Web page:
Since most HELOCs have adjustable interest rates, your monthly payments could differ. A HELOC uses your home as collateral. If you default on your HELOC payments, your lender could foreclose on your home.
4. Credit cards
You can pay off your auto loans with your credit card. As long as you make the minimum payment, you decide how much to pay each month. You can help save money with a credit card with a low introductory rate and a balance transfer feature.
Before using your credit card to consolidate your auto loans, pay close attention to the interest rate and fees you pay. Your interest rate may be low now, but you could be stuck paying a significantly higher interest rate when the introductory period ends.
5 steps to consolidate auto loans
Follow the steps below to consolidate auto loans.
1. Assess current loans
Start by gathering information about your current auto loans. You can check your account online or contact your auto lender to get the current balance owed, monthly payments, and the annual interest rate. Be sure to ask the lender about fees for paying off your loan early.
2. Find a consolidation loan provider
You can check with your local bank or credit union for loan consolidation options. You can search online for banks, credit unions, or other lenders who offer auto loan consolidation options.
3. Compare loan terms
When possible, seek multiple debt consolidation loan offers. You can compare the interest rates, payment terms, and fees for the option that best suits your financial situation.
4. Apply for a consolidation loan
Most lenders require that you apply for a debt consolidation loan. To complete your application, you should expect to provide such documents as your driver’s license, employment verification, bank statements, and proof of residency. You might provide each vehicle’s registration and proof of auto insurance.
5. Pay off existing loans
Contact each lender for instructions to pay off your existing loan. Some lenders accept payment online, whereas others may ask you to mail a check.
Potential challenges and considerations
Despite its benefits, auto loan consolidation isn’t without its drawbacks.
1. Prepayment penalties
Some lenders charge a penalty if you pay your loan off early. If your lender charges a prepayment penalty, you must factor this cost into your consolidation decision.
2. Eligibility requirements
Most lenders evaluate your creditworthiness before extending a loan. Lenders may look at such criteria as employment history and how much money you make. Lenders may also have minimum credit score requirements, so if you have bad credit, limited credit history, or a high debt-to-income ratio, you may not qualify.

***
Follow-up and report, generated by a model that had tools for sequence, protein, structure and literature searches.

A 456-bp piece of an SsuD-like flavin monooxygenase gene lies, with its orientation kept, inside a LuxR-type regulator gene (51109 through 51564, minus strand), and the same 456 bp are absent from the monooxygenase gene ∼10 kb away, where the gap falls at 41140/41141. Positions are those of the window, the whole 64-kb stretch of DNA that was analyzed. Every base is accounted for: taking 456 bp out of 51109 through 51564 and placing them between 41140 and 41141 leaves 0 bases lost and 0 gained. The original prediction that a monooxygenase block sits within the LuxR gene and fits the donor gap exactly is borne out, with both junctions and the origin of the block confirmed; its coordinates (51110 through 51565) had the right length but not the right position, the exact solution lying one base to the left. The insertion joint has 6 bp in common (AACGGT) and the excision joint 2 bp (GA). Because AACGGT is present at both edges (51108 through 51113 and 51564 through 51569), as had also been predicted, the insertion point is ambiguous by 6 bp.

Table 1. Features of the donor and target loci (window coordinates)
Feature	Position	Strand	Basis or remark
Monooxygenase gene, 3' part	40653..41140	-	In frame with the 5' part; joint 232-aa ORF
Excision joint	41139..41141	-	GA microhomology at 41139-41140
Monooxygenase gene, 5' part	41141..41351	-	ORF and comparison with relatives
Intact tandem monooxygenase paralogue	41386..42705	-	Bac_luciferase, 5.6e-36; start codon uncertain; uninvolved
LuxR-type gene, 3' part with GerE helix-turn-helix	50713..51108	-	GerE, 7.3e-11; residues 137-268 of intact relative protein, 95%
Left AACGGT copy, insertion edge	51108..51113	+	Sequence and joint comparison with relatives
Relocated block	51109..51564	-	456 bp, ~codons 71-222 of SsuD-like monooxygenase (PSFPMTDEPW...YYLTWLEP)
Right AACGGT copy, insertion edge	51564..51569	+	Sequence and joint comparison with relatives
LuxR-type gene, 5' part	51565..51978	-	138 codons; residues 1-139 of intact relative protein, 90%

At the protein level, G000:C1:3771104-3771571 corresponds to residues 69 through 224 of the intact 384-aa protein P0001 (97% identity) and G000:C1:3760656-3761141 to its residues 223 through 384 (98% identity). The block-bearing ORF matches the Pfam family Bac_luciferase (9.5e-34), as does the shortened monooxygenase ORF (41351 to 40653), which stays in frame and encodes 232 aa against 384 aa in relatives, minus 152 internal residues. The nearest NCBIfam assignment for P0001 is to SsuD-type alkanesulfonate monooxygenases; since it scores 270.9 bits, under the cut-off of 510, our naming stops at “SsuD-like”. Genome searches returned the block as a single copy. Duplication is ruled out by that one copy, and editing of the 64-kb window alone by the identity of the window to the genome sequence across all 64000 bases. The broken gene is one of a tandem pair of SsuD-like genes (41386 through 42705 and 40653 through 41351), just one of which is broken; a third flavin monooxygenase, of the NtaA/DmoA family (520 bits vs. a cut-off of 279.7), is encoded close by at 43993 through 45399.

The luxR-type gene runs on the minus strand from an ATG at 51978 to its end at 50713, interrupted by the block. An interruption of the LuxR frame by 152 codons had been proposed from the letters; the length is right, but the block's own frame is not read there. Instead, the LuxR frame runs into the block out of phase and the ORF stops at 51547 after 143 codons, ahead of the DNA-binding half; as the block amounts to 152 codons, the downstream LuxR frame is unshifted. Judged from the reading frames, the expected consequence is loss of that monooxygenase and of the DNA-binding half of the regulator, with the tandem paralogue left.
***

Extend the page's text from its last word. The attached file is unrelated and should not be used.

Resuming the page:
3. Long-term financial planning
Consider your long-term financial goals before you consolidate. If you plan to lower your payment and interest rate to pay off what you owe faster, auto loan consolidation may be a good fit. However, if you want a lower monthly payment but have no real plan to pay back what you owe, you could stretch out your debt for longer.
Consolidate Your Auto Loans to Better Control Your Finances
Auto loan consolidation can be a helpful financial tool when done with a purpose. When you consolidate, you may lower your payments and get a better interest rate. Yet not every auto loan consolidation makes financial sense, so it’s a good idea to look closely at its costs and benefits.
Is there a minimum or maximum loan amount required for consolidation?
A lender may set minimum and maximum limits on the amount they will loan you. However, you must borrow enough money to pay off each car loan in full.
What are the typical interest rates for consolidated auto loans?
Interest rates on debt consolidation loans vary based on factors such as your credit score and whether your loan is secured or unsecured.
Can I choose any repayment terms for the consolidated loan?
Depending on your lender, you may have some flexibility with your repayment terms.
Can I consolidate multiple auto loans into one?
Yes, you may consolidate multiple auto loans into one by taking out a loan or line of credit.